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Ann Land

I am always excited to find photos of Ann at her Encino ranch house, which is where I was married in 2007. I came across this lovely photo in a newspaper around eight years ago and was thrilled to finally locate a print.

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The find was somewhat bittersweet though. As you can see from the above 2008 photo that even though the patio had been enclosed at some point, it was otherwise virtually untouched, down to the light fixture. However, the wall and picture window were taken down in 2014 in order to expand the dining room. At least we have these photographic remembrances!

Candid Ann

If I had found this photo of Ann and Leslie Fenton at the U.S. Experiment Station for sugar cane in Hawaii two years ago, it would have gone into Ann Dvorak: Hollywood’s Forgotten Rebel. Ann and Leslie had spent the 1934 Christmas holiday on a quick trip to Hawaii, and the impression it left on Ann was deep enough that she relocated to the islands 25 years later. I actually posted a similar photo on this site, as it ran in a newspaper, so it’s great to have an actual print.

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Getting Personal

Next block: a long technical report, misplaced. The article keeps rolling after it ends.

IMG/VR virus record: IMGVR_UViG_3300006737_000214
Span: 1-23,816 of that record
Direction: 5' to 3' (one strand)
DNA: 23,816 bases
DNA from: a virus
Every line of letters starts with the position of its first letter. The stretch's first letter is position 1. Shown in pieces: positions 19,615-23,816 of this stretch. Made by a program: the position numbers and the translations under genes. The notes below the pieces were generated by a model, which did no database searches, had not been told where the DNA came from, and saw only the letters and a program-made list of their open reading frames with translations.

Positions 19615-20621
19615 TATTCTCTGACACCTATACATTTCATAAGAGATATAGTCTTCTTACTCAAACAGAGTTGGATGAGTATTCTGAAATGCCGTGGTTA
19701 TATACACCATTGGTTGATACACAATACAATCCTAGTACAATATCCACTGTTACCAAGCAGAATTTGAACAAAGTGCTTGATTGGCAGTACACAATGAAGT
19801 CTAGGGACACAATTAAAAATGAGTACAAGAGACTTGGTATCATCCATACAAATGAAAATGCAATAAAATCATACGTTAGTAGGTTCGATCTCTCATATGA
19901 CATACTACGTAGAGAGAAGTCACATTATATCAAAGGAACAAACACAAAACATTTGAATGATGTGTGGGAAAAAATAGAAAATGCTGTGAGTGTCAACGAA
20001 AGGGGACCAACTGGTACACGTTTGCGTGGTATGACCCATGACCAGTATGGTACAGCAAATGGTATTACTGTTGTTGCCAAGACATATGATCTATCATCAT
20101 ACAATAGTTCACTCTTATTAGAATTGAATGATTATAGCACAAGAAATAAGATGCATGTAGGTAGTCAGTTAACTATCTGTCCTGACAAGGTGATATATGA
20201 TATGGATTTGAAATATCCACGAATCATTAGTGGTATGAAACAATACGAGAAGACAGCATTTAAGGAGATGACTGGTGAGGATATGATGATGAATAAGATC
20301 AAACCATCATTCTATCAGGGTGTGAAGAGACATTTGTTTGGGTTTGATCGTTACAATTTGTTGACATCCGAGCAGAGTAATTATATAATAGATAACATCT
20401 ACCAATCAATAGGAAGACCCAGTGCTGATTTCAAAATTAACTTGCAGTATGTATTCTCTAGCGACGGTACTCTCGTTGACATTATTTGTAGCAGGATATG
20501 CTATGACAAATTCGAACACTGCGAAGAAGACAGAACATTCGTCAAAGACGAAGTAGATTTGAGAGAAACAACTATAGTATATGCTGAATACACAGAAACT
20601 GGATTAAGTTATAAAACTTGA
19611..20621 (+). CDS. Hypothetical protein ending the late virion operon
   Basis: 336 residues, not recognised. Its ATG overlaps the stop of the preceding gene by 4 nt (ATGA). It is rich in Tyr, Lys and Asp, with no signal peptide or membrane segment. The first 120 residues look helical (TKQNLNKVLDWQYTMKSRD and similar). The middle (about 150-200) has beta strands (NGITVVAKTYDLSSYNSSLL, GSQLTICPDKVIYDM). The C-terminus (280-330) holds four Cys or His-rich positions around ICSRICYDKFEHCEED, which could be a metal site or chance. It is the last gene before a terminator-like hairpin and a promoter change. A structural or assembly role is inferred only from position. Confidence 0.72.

A couple of weeks back, I wrote about acquiring the remaining items from Ann’s storage unit that had been sitting at a North Shore antique shop. Those photos were not the only Ann Dvorak personally owned images in 2014. As some of you may recall, in 2013, just as the book was being prepared for publication, I was contacted by someone who had some of Ann’s stuff. You can read about that adventure here, but the main takeaway from that negotiation was Ann’s scrapbook from her 1932/33 honeymoon (which can now be purchased in book form). Well, I was recently contacted by the same person about items that didn’t make it into the first batch and managed to secure those. This bunch mainly consisted of more scrapbook pages and family photos of people I cannot identify. For me, the most interesting piece is this one of Leslie Fenton, circa 1941 in his Royal Navy uniform. On the back, Ann wrote “Just a snap darling – will send more soon. You must see him in his coat etc. Love xx oo.”